How to Make a Fiberglass Hardtopby Editorial Team
This article will show you in depth how to make a custom fiberglass hardtop.
Determine the measurements for your hardtop. Measure across the body, front to back, top to bottom, even diagonally, to ensure a straight and true top.
With the measurements made, build a frame out of lumber. The frame can be built one of two ways. The first way is to build a frame that will sit up side down on the ground, a negative, and fiberglass will be layered inside. When finished, the frame will be on what is the outside of the hardtop. The second way to build a frame is to build it so that the fiberglass is layered around the outside of the frame, a positive. When finished, the frame will be on the inside of the hardtop.
When you have decided what type of frame to build, it's time to start building. Using your measurements, make a frame skeleton. Use plywood to make ribs that conform to the contours you would like, and use 2"x3" boards to act as a spine between ribs. Then, cover the skeleton with thin sheet aluminum sturdy enough to support the fiberglass without sagging. Staple the aluminum sheeting to the skeleton.
Cover the aluminum with mold release agent, sold at most auto body supply shops. Do not use petroleum based oil or grease as it will react with the resin and inhibit adhesion of later layers.
Cover the frame with a large sheet of fiberglass roving(looks like woven fabric). If you can't get a sheet large enough to cover the entire frame, use a couple sheets overlapped by about 3-4 inches. Mix the fiberglass resin according to the directions on the package. Wear nitrile gloves and safety glasses and work in a well ventilated area. Pour the resin on the fiberglass roving and spread with a paint brush.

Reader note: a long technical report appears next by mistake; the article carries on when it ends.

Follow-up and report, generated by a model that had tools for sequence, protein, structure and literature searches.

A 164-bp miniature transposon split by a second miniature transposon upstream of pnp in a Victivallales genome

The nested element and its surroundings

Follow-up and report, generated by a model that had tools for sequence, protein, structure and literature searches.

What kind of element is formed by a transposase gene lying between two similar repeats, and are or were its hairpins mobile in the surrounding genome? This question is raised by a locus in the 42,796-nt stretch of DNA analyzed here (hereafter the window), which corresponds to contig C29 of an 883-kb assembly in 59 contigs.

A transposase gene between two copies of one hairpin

When the first layer is fully coated in resin, apply a second fiberglass layer, this time using fiberglass matting(looks like shredded fibers). Pour more resin over this second layer. Repeat until the layers add up to about 1/4" to 1/2" thick. The final layer should be fiberglass roving, to ass surface strength.
An optional method to add strength to the hardtop is to add aluminum mesh in the middle of the layers. Lay it on as you did with the fiberglass and pour and spread resin, then add another layer of fiberglass and resin and repeat until you reach the desired thickness.
If at any time the resin fully dries in between coats, the surface must be sanded with 80 grit sand paper or an angle grinder before applying another coat. When the hardtop is completed, allow to dry according to the directions on the resin package. When it has fully cured, remove from the mold. Sand the hardtop to the finish you want, it may require body filler to fill in low spots and imperfections. Once the body work is complete, prime and paint as you like.
- You can use fiberglass roving for the entire hardtop, it may offer a stronger final product, though it usually costs more than matting.
- Plan ahead and work quickly, you don't want to have to grind a layer before you can go on because it dried.
- Mix the resin as directed, too much hardener will make it dry a lot faster.
- Hot and humid days make the resin dry faster.
Things You'll Need
- Lumber for a mold frame
- Fiberglass matting and roving
- Fiberglass resin
- Paint brushes
- Sand paper
- Use all safety equipment when working with chemicals.
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